As Big Legal Brain’s resident futurist, I am often asked about the future. People have recently asked me about Shpoonkle, the new Yiddish-language lawyer matching and bidding service. While even mentioning Shpoonkle can risk an attorney getting tarred, feathered and immediately disbarred, some shmoe out there needed to take a closer look at this thing and report back about it. Lucky for you, I’m that shmoe.
I signed up for Shpoonkle within a few days of finding out about it. I wasn’t out to get cases or to get tarred and feathered. I was curious, and it’s an easy enough process to find out. Provide your name, attorney id number and contact information, then wait a few days to hear back from the crack Shpoonkle background investigation unit. It’s a nice touch, giving me the impression that, during the delay, I was being Binged, Googled and a little felt up. Thankfully, I got approved and I was immediately able to sign in to Shpoonkle as an attorney to take a look around.
First, I was surprised by how much standard English is used. While we’ve espoused the effective use of Yiddish for legal briefs in the past and understand the linguistic power of Yiddish, Shpoonkle is surprisingly Yiddish-free. Not a single shlimazel or schmendrik, or at least one of which I was aware. I had expected a Yiddish-based service to have plenty of Yiddish. But none?
Once I got over that (and agreed to a twelve page user agreement), I was off to the races. I immediately signed up as a letter writing, landlord/tenant, divorce attorney, then jumped into the gambling. And found six total potential clients, one of which already had a bid to do the work (a landlord-tenant matter) for $200 per hour. Fuck. I could have done it for $199.99, except it was in New York and I’m admitted in a state a few thousand miles away.
Granted, the six total cases were within a week of Shpoonkle opening up shop (and before the Wall Street Journal mentioned the service), so I went back tonight to get me some more bidding action. Actually, to look around. Here’s what I found:
- A total of 31 “open” cases;
- Myriad types of cases, including wills, personal injury, legal malpractice (described as “rock solid”), guardianship, contracts, landlord-tenant, blah, blah, blah. People looking for attorneys, many with stories we’ve heard.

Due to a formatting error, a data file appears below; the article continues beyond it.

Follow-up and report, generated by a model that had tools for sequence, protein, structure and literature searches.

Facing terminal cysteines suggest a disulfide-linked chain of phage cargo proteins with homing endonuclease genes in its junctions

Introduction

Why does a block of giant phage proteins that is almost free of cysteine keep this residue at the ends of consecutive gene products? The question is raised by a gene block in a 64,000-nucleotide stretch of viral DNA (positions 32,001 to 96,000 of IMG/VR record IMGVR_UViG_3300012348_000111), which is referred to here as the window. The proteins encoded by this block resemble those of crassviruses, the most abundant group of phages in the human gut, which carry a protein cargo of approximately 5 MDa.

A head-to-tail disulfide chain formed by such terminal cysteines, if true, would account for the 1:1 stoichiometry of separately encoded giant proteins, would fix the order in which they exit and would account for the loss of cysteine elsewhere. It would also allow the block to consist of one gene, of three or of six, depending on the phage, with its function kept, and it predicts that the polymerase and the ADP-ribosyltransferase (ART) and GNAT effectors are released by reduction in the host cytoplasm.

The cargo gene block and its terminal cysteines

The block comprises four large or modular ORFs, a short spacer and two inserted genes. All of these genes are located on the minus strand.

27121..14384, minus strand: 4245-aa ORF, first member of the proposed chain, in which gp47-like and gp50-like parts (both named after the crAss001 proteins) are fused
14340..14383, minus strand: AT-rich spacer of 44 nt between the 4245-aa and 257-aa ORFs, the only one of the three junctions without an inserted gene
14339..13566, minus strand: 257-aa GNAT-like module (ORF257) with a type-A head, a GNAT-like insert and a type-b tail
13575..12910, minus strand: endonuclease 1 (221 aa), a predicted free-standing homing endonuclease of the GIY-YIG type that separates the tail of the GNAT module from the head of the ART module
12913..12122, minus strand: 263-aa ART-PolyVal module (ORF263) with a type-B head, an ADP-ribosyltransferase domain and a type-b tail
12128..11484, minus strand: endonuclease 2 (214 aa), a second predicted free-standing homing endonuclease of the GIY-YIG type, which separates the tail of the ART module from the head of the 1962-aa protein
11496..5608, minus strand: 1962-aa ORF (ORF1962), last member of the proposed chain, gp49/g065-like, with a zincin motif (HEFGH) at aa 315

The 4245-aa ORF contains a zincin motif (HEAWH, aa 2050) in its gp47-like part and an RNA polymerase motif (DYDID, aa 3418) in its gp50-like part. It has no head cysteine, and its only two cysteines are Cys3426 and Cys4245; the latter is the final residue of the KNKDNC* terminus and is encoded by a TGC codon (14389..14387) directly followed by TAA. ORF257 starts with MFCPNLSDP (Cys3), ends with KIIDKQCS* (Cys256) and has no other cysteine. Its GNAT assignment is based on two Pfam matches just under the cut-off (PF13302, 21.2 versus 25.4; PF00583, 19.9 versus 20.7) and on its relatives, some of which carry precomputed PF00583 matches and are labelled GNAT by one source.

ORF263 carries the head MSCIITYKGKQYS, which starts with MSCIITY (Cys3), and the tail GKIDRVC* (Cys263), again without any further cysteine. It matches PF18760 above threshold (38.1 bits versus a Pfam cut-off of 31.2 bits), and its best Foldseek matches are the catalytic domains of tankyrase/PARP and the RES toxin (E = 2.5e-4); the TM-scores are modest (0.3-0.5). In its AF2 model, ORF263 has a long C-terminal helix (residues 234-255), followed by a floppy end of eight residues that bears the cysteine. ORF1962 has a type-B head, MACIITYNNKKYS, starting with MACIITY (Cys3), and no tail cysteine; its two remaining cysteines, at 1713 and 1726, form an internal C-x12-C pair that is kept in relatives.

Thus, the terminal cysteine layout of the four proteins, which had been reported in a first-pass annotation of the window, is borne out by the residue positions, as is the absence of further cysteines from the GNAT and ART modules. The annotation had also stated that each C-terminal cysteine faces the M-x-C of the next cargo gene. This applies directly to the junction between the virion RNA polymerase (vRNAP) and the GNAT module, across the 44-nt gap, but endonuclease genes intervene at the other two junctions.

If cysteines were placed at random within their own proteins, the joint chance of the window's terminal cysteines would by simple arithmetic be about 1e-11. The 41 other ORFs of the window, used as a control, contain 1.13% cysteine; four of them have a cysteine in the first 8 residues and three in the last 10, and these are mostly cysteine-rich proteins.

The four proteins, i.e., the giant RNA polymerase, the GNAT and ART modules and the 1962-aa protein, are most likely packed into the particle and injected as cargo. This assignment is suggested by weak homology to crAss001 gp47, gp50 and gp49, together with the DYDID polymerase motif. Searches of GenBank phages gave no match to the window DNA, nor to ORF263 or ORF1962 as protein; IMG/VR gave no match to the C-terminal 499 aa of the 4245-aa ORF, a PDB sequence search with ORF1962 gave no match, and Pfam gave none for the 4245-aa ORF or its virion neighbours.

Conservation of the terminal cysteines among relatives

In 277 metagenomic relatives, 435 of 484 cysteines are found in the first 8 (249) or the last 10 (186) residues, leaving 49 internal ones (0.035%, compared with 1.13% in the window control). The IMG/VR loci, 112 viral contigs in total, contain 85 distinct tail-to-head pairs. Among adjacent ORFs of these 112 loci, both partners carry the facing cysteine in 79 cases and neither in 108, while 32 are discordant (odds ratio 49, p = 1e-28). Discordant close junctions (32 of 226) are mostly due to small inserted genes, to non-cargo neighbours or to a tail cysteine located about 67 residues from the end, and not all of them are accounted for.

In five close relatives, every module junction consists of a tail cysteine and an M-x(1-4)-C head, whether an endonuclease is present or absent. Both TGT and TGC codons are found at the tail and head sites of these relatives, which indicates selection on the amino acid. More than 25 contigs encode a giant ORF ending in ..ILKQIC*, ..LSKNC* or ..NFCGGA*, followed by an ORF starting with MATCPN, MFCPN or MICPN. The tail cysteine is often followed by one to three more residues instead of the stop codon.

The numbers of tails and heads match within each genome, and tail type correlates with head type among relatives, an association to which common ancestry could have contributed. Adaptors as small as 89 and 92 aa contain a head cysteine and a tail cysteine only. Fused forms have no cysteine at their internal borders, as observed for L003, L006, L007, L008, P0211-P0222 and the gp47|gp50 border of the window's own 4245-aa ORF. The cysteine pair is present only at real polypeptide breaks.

- Cases in 17 different states, many in New York;
- A total of 14 bids on eight of the 31 open cases;
- The most bids (4) came on a request for “a simple will. We have small children. Our assets aren’t extensive or complex.”
- Of the four bids on this case, one attorney bid a flat fee of $900, one bid an hourly rate of $200 or a flat fee of $1,000, one was $400 an hour, and the low bid was $125 hour or a flat fee of $375. You cannot tell who “won” the bid.
No one, however, was looking for an attorney in my state, so I was out of luck. Or not. I mean, why not get in on some action with a bid on a New York case? I could see the Rockettes while I’m there. Take in a Mets game, commit some malpractice, buy some nachos and a beer. Sure, Rule 5.5 is a bit dodgey about this kind of thing (practicing outside of my jurisdiction), but as my boss Chank often tells me, ethics do not apply on the internet. Or in New York if I’m in Minnesota. Or in New York if you cannot find me.
I looked around a bit more in the Shpoonkles and found a Texas guy looking for “an attorney that is licensed in federal court and not altogether popular with the gay and lesbian community.” It was categorized as an “other” matter. I didn’t ask. Another person was looking for an attorney for her brother, who was already represented by a public defender but he’s not getting a good deal and, oh hell, you know the story. One guy wanted to retain an attorney to write letters to his creditors on an “on-going” basis. I’d not partake in that bidding. These few aside, most people on the Shpoonkalicious circuit were just looking for an attorney. Nothing new, in either the service or the need.
I gave up and went back to looking for a Yiddish lawyer-matching service. There’s likely one on the web or maybe one a bit more upstate. What’s my advice, as a highly-qualified resident futurist? Go be your own shmoe. There’s plenty of tar to go around. And plenty of tar coming.